Sat, May 14, 2005 - Page 8 News List

Editorial: Taiwan focuses on Geneva

The World Health Assembly's (WHA) annual 10-day conference opens on Monday in Geneva. Once again, Taiwan is seeking observer status at the meeting. Although a communique signed by People First Party (PFP) Chairman James Soong (宋楚瑜) and Chinese President Hu Jintao (胡錦濤) states that Beijing will help Taipei gain entry into the World Health Organization (WHO), Beijing is still obstructing Taipei's applications to join the organization. This has undermined the Chinese regime's credibility among the Taiwanese.

Beijing remains unyielding on its "one China" principle. It has negotiated a memorandum of understanding with the WHO Secretariat to allow Taiwan to join the organization under the name "Taipei, China." It has also demanded that the WTO inform the Chinese authorities before Taipei works with the WHO on the implementation of the International Health Regulations.

Taiwan is an independent and sovereign country. China has no right to unilaterally negotiate with the WHO Secretariat on any issues regarding Taiwan. Nor is it in a position to decide anything for Taiwan. This country will not accept any attempt to belittle its status.

China's UN representative office in Geneva recently issued a diplomatic note citing a UN resolution stating that Taiwan, as part of China, is not qualified to become a WHO member state or a WHA observer. Beijing requested that all nations not to propose, sign or endorse any bill that is related to Taiwan and not to speak for Taiwan. This is totally contrary to Hu's statement in the communique.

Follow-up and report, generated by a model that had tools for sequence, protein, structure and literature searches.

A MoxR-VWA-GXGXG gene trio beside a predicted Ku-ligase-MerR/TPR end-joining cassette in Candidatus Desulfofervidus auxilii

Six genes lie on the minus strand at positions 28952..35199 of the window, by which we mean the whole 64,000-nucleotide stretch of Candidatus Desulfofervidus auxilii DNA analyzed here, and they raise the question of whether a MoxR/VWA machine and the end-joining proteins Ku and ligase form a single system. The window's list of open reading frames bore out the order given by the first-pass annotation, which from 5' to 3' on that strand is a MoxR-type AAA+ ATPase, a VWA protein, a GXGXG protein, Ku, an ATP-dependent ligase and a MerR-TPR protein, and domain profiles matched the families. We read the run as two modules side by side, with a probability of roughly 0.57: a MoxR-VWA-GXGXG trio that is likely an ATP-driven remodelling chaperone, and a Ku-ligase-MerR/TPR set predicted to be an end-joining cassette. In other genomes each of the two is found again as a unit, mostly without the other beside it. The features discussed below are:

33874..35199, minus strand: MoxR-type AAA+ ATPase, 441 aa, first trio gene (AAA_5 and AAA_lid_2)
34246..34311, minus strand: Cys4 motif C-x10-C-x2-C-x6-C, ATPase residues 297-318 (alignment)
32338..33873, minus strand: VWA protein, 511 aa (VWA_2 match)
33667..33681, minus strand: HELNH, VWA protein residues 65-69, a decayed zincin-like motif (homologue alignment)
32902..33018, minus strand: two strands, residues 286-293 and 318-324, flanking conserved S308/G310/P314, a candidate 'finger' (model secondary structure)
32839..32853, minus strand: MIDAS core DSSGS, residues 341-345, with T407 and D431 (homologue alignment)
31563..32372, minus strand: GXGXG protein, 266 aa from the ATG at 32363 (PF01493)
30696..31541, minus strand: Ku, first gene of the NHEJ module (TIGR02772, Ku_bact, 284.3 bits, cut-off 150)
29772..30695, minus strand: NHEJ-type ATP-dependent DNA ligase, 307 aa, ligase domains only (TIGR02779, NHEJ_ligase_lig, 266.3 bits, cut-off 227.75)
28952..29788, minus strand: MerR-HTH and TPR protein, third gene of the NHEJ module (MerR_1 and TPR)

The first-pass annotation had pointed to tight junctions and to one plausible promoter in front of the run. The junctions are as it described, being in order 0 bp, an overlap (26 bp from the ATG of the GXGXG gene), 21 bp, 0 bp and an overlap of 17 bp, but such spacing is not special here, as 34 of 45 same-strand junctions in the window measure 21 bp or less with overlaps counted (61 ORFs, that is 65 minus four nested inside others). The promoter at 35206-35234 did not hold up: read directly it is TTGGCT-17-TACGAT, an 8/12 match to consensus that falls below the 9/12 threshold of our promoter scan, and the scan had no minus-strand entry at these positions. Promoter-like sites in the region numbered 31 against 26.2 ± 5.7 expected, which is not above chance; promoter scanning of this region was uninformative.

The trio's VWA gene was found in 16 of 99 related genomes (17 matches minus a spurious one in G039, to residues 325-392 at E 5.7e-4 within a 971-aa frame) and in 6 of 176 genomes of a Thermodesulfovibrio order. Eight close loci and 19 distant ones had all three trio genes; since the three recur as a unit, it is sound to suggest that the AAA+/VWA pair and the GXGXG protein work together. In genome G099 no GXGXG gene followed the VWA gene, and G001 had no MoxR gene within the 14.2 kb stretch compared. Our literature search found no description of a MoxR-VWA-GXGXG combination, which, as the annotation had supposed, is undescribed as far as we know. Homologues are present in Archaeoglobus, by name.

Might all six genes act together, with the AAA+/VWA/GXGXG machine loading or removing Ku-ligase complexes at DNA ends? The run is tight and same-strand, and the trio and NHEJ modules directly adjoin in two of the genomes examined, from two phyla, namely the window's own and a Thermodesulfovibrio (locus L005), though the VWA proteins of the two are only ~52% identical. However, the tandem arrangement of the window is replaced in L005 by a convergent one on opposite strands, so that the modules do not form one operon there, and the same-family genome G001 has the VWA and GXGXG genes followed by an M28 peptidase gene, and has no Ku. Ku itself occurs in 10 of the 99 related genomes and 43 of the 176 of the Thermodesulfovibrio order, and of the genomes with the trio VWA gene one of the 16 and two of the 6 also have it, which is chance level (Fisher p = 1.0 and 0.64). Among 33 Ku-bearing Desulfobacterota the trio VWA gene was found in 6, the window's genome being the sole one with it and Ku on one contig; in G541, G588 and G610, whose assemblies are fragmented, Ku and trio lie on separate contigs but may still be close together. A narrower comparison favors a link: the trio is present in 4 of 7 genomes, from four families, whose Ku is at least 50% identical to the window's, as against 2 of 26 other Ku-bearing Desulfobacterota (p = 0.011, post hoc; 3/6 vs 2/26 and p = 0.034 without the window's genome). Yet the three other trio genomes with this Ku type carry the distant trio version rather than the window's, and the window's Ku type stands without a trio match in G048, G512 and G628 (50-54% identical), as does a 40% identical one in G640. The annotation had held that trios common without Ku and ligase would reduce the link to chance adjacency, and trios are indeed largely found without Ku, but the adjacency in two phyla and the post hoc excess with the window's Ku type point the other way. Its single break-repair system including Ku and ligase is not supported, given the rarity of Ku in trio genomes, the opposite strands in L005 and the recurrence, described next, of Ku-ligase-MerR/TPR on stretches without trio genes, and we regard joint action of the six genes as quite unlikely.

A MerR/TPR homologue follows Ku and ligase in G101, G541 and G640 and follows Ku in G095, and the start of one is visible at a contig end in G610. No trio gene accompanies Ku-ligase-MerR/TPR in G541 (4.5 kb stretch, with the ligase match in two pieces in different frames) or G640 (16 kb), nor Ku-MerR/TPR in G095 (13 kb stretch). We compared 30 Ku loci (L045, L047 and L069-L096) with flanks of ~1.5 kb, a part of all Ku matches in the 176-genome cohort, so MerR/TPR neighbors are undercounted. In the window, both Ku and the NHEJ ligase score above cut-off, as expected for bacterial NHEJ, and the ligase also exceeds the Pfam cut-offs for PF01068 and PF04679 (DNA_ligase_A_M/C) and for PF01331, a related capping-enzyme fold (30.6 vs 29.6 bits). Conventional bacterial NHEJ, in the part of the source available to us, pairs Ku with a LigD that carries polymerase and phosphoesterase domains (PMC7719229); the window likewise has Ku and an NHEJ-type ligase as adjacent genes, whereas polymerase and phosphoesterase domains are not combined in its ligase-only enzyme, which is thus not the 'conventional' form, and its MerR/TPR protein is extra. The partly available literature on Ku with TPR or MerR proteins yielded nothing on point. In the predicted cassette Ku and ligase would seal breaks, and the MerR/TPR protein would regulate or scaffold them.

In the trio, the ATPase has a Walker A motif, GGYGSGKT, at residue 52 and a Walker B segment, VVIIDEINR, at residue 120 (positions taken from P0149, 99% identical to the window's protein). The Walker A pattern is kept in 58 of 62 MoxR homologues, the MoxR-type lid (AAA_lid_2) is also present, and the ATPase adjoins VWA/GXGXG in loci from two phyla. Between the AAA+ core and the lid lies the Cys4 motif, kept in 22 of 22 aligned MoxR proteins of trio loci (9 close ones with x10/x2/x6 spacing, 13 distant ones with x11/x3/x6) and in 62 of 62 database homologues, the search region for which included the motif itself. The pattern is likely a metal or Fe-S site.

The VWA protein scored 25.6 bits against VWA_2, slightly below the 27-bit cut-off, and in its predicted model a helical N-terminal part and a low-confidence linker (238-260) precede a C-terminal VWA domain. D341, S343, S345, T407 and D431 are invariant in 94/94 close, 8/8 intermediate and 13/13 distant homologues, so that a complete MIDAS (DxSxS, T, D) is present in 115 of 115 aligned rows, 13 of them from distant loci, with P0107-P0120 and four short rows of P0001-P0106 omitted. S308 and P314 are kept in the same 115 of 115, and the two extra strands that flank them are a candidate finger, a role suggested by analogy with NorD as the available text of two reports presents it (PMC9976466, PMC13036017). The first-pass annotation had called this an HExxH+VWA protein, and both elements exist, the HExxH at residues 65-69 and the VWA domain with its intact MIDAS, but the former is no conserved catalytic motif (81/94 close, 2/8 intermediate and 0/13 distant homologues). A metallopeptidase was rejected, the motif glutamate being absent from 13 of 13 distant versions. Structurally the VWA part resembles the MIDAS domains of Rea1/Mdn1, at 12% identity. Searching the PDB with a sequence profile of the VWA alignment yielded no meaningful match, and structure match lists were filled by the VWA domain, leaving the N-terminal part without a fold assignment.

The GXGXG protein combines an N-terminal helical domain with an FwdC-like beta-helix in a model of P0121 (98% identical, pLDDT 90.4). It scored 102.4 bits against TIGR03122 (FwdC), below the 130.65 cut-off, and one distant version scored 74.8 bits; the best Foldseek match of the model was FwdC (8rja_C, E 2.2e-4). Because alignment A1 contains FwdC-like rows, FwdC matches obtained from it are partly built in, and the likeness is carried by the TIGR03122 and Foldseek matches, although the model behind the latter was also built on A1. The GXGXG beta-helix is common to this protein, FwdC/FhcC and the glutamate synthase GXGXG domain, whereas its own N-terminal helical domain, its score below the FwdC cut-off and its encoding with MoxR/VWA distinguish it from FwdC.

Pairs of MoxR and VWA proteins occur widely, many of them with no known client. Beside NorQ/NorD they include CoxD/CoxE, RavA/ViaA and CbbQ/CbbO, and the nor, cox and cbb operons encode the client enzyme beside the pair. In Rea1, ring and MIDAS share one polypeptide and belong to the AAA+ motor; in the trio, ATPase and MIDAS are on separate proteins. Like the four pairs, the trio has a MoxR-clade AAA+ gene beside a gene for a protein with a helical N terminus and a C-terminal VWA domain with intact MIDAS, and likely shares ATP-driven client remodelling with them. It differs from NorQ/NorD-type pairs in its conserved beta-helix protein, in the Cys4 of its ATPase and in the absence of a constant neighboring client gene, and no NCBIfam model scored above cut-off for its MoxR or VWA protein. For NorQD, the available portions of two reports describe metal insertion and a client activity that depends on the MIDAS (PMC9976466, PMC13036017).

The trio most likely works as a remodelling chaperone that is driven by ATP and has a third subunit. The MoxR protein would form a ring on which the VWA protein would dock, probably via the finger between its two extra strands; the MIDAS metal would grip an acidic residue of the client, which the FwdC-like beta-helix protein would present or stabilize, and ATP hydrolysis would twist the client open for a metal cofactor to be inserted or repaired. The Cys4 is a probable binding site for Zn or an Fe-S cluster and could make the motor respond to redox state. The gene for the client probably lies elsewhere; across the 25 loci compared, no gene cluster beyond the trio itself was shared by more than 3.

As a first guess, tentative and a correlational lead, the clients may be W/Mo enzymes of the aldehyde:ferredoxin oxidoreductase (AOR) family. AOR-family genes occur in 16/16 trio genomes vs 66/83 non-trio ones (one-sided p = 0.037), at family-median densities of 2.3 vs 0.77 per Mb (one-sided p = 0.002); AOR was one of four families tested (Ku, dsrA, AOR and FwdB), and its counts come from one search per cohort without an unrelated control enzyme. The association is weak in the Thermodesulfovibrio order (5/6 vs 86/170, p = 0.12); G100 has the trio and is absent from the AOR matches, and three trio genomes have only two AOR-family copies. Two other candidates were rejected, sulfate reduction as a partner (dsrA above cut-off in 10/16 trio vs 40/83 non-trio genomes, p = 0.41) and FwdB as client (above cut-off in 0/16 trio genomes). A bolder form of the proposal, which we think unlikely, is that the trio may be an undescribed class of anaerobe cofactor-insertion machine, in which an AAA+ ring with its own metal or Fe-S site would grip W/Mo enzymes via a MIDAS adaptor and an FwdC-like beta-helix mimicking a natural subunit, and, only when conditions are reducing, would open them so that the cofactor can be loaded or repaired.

The diplomatic note also stressed that Beijing has taken measures to facilitate exchanges between Taiwan and the WHO, and guarantees that Taiwan has free access to health information and technical assistance. What a pack of lies. Over the past two years, Taiwan has requested technical exchanges with the WHO 22 times -- 14 were rejected, five were never answered and three were endlessly delayed. These are the results of Beijing's obstruction.

Disease does not recognize borders. In the wake of the SARS epidemic and outbreaks of avian flu in this region, Taiwan not only should be part of an international disease-prevention organization, it can make valuable contributions to disease prevention around the world.

The medical profession in this country made considerable advances and is able to export its skills and experience to benefit others. The tsunami disaster-relief effort is an example. The government contributed US$50 million in aid, and the private sector US$100 million. Taiwan has also established the Taiwan International Health Operations Center to expand international medical cooperation and provide support for countries in need.

Participation in the WHO is about the human rights of the people of this country. The government has not linked participation to an acceptance of Taiwan's independence, two Chinas or "one China and one Taiwan." Seeking observer status is a bid to avoid political controversy. The government has adopted a flexible position on the name under which Taiwan participates in the organization as long as national dignity can be maintained. Involvement in the WHO is a purely practical request, and as long as Taiwan can directly and immediately participate in all WHO activities as a separate entity, the government is willing to consider all options.

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